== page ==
of Albert Bray Found With
Their Throats Cut.
Indications Are That It Ts a Case
of Wanton Murder and
Snicide.
NOBLESVILLE, Ikd., Oct. 9. — The
citizens of this town and the people of the
surrounding country are greatly excited
over tne new* of an awful tragedy which
took place three miles from here. The
bodies of Albert Bray, a prominent
farmer, bis wife and two children, were
found dead this morning in their home.
Their throats bad been cut, and all were
dead except Bray, who died soon after he
was found.
The neighbors are undecided whether
they were murdered by strangers or
whether Bray did the awful deed himself.
For some time t>ast the family had been
living very quietly at their home. They
seemed happy and Bray was apparently
devoted to nis wife. He always went out
with her and seemed to do all he could
for her. On several occasions, however, he
acted very queerly, and it began to be
whispered around that he was not quite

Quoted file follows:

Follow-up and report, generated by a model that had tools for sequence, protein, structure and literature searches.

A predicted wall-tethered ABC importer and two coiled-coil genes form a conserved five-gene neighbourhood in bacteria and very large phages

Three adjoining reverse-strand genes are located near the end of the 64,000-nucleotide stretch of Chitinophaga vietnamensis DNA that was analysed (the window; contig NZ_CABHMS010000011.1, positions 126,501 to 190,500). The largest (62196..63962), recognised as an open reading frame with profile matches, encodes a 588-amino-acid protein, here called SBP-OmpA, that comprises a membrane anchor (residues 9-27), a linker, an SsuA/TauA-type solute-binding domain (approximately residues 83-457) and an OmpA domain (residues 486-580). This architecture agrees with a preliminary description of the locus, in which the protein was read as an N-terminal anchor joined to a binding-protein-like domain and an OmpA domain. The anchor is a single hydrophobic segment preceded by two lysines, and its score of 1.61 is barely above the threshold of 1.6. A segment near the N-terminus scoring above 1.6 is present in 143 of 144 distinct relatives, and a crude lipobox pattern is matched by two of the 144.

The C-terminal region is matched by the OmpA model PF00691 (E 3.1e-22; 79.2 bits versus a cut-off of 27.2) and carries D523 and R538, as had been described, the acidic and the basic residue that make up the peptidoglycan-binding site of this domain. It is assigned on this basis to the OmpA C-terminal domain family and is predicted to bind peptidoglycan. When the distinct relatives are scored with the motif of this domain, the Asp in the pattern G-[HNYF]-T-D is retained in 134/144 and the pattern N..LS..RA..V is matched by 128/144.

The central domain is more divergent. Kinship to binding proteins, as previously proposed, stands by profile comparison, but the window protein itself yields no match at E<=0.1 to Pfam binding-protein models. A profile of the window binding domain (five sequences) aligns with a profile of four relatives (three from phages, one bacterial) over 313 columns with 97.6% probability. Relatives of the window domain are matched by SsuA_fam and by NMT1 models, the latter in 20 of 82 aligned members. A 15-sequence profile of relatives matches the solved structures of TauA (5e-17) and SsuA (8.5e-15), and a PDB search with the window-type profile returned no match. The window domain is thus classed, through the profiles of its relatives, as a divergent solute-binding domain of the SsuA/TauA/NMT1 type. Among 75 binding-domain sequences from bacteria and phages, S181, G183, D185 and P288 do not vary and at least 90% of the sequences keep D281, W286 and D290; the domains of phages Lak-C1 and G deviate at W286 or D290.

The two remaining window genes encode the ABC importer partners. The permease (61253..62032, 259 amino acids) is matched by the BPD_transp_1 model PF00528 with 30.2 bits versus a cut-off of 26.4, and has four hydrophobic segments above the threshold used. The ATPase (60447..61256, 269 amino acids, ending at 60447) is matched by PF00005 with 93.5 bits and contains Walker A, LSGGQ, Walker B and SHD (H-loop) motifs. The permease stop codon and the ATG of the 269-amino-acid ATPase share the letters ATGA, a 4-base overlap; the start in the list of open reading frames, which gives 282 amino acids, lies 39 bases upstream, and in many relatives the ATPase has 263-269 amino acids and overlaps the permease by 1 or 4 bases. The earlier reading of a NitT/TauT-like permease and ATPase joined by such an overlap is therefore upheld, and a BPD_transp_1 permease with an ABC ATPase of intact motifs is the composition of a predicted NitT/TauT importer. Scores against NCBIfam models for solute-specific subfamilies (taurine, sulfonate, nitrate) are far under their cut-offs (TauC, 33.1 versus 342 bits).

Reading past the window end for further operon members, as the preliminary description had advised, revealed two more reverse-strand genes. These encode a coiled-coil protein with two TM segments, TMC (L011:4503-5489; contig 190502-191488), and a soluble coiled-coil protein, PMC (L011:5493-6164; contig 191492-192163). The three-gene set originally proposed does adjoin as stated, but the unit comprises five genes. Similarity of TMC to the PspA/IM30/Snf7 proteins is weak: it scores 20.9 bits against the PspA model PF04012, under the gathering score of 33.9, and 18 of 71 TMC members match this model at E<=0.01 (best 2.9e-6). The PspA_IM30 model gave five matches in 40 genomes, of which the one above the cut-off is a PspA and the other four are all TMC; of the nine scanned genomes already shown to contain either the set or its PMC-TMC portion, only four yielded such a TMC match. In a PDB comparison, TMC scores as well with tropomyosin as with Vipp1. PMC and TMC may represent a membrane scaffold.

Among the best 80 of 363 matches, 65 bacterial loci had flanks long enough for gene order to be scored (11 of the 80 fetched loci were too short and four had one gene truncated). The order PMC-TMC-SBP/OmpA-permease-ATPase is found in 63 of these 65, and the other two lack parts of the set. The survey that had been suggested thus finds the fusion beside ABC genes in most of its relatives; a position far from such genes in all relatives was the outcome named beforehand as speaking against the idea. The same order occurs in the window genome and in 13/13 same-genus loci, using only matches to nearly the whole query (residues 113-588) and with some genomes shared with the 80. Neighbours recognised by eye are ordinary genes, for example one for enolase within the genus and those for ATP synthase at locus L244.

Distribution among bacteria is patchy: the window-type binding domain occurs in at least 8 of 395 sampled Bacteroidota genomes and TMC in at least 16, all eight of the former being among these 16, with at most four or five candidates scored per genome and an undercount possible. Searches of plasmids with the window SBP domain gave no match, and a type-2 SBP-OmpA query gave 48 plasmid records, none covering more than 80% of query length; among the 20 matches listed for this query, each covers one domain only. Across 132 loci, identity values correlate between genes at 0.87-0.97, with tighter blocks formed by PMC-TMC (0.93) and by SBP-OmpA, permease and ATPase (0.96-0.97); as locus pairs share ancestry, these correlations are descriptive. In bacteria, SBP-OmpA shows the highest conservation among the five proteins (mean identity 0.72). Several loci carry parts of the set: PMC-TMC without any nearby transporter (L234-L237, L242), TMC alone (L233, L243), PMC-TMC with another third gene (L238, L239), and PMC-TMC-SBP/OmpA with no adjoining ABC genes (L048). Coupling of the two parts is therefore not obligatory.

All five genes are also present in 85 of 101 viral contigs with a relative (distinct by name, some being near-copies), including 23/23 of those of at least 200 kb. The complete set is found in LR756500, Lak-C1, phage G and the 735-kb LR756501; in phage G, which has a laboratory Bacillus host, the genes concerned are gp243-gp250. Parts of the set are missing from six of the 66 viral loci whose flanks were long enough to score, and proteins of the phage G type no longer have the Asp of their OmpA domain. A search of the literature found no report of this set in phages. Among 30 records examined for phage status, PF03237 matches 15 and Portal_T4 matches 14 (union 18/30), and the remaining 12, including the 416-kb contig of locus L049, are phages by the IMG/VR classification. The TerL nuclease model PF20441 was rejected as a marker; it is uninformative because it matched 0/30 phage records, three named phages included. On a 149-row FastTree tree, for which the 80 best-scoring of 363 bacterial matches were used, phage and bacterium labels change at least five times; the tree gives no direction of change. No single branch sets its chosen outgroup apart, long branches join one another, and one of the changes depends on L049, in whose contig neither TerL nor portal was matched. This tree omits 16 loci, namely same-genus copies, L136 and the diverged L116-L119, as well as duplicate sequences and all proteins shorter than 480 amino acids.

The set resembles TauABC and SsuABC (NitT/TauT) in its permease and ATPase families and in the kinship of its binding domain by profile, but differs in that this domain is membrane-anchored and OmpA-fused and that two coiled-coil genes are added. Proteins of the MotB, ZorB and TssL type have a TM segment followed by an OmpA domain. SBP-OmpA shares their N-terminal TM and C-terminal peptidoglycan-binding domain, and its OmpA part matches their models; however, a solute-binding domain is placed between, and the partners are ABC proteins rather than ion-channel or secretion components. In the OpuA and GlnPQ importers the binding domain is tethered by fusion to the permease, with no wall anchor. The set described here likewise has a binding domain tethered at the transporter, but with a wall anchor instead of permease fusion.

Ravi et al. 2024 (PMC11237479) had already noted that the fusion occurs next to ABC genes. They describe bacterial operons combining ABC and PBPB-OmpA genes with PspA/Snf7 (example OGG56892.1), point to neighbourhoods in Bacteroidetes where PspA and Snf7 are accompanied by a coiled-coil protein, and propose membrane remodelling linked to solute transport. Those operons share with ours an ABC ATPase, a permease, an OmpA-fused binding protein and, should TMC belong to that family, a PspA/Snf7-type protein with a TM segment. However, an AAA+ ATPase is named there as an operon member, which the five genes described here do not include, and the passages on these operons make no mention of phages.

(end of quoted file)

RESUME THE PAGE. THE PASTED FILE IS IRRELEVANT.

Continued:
right in his head. Frequently he would
meet neighbors on tne publio highway
and would pass them without a word of
salutation. He never said or did any
thing, however, which gav6 tne least indi
cation that he contemplated the norriblo
butchery which came to light to-day.
Early this morning a neighbor who
wished to borrow a plow called at the Bray
house. He knocked, but received no an
swer. Going around to the Dack door he
found that it was shut, and there were no
signs of life in the house. He was greatly
surprised at this, as he knew that the
Brays were early risers, and their usual
time for getting up had long since passed.
He finally decided something was wrong
in the house, and putting his shoulder to
the back door he forced his way in. He
saw no indications of anything being
wrong until he reached the bedroom.